YEA Camp

Activist Profile: Jasmine C. Advocates for Dissection Choice in CT


Jasmine

Jasmine, who flew all the way from Connecticut to attend YEA Camp in California in 2010, is a dedicated and articulate advocate for a better world for all. In addition to working to get delicious vegetarian food options in her school cafeteria and interning with Compassion Over Killing in Washington, DC, last summer, among other activism she has done, Jasmine recently spoke at a public hearing for another issue important to her.

Did you know that only 13 states in the country currently have a dissection choice law? That means that in 37 other states, including Connecticut, where Jasmine lives, if a student has an ethical objection to dissection and doesn’t want to participate, the teacher can give the student an F or a 0. The dissection-choice laws allow students in those 13 states (CA, OR, NY, NJ, MA, among others) to opt out of dissection and require the teacher to give students an alternate assignment instead. Each of those state laws got passed because dedicated youth activists like Jasmine championed and spoke up about this issue.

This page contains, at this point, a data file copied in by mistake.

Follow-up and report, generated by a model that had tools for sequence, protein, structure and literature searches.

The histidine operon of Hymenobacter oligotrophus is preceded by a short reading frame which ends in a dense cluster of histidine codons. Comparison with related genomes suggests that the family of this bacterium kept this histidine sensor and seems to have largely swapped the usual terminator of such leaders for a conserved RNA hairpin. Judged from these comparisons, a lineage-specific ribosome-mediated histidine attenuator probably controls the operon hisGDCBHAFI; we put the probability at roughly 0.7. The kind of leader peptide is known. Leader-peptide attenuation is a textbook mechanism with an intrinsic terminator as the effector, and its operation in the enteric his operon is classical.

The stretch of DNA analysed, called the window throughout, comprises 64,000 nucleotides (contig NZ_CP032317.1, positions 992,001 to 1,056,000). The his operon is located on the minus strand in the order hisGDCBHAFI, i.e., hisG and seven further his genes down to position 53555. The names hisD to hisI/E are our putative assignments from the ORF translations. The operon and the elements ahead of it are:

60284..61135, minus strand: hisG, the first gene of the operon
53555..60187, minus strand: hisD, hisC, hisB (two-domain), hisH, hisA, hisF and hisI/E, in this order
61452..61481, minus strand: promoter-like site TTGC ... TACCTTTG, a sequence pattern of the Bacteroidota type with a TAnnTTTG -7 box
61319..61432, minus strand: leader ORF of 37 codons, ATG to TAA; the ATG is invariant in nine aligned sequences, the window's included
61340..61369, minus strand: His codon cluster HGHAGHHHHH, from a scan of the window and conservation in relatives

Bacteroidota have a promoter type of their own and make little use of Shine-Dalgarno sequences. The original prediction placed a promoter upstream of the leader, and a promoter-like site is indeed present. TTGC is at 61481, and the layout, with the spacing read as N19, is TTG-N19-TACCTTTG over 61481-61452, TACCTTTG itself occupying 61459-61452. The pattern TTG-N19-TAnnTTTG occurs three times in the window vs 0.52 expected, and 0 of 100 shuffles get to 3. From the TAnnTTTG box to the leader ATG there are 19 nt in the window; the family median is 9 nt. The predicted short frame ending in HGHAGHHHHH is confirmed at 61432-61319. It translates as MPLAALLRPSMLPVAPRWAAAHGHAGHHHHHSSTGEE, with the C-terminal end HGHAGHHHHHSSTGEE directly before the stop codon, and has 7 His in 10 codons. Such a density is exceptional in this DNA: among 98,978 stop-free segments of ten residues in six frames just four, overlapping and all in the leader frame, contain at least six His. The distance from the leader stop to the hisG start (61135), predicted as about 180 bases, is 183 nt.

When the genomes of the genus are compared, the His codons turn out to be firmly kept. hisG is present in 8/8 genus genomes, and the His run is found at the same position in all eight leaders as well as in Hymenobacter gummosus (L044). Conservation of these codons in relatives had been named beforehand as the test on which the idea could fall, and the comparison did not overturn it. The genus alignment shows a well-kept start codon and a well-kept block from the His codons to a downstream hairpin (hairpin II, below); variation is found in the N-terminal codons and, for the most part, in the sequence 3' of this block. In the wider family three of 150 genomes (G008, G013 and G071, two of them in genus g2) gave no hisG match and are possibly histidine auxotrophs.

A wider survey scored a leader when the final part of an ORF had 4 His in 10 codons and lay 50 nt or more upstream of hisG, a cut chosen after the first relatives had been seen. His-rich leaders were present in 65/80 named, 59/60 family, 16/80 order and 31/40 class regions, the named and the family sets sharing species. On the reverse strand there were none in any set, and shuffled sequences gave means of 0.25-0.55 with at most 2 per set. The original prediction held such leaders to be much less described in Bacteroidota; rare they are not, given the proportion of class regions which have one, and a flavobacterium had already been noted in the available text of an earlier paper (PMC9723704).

Jasmine sent us the speech that she gave at a recent public hearing about Connecticut bill HB 5184, and we wanted to share it with you because it is so inspiring!

“As a former honors biology student, I was lucky enough to have the option to opt out of a cat dissection.  Just the thought of cutting open an animal no different than my beloved feline companions at home was enough to make my stomach churn.  Something about causing death to study life just didn’t seem right to me.

Though I wasn’t present during the dissection itself, I still witnessed a change in my peers’ attitudes upon being informed of the upcoming event.  Some were disgusted while others cracked jokes about how they were “dog people” anyway.  It was clear that they’d been desensitized to the sanctity of life; even those who were grossed out seemed to forget that the cat was once a living, purring, sentient being.

My education is very important to me.  I’ve always made good grades and valued learning in and outside of school, and it is because of my interest and passion for learning that I am here today.

There is no doubt that students should receive the best education possible, but they should not need to harm others or sacrifice their ethics in order to do so.  By giving students the chance to opt out of dissection, the lesson they learn may be far greater than whatever might be achieved through the dissection itself.  Over time, people will inevitably fail to remember everything they learned in a high school biology class, but holding true to their moral principles is something they will most certainly never forget.”

Way to go, Jasmine!

Learn more about dissection and support Jasmine’s efforts by signing a petition to send to the Governor of Connecticut about this issue at change.org.

And tell any amazing youth you know (maybe yourself?) about YEA Camp to meet inspiring young activists like Jasmine!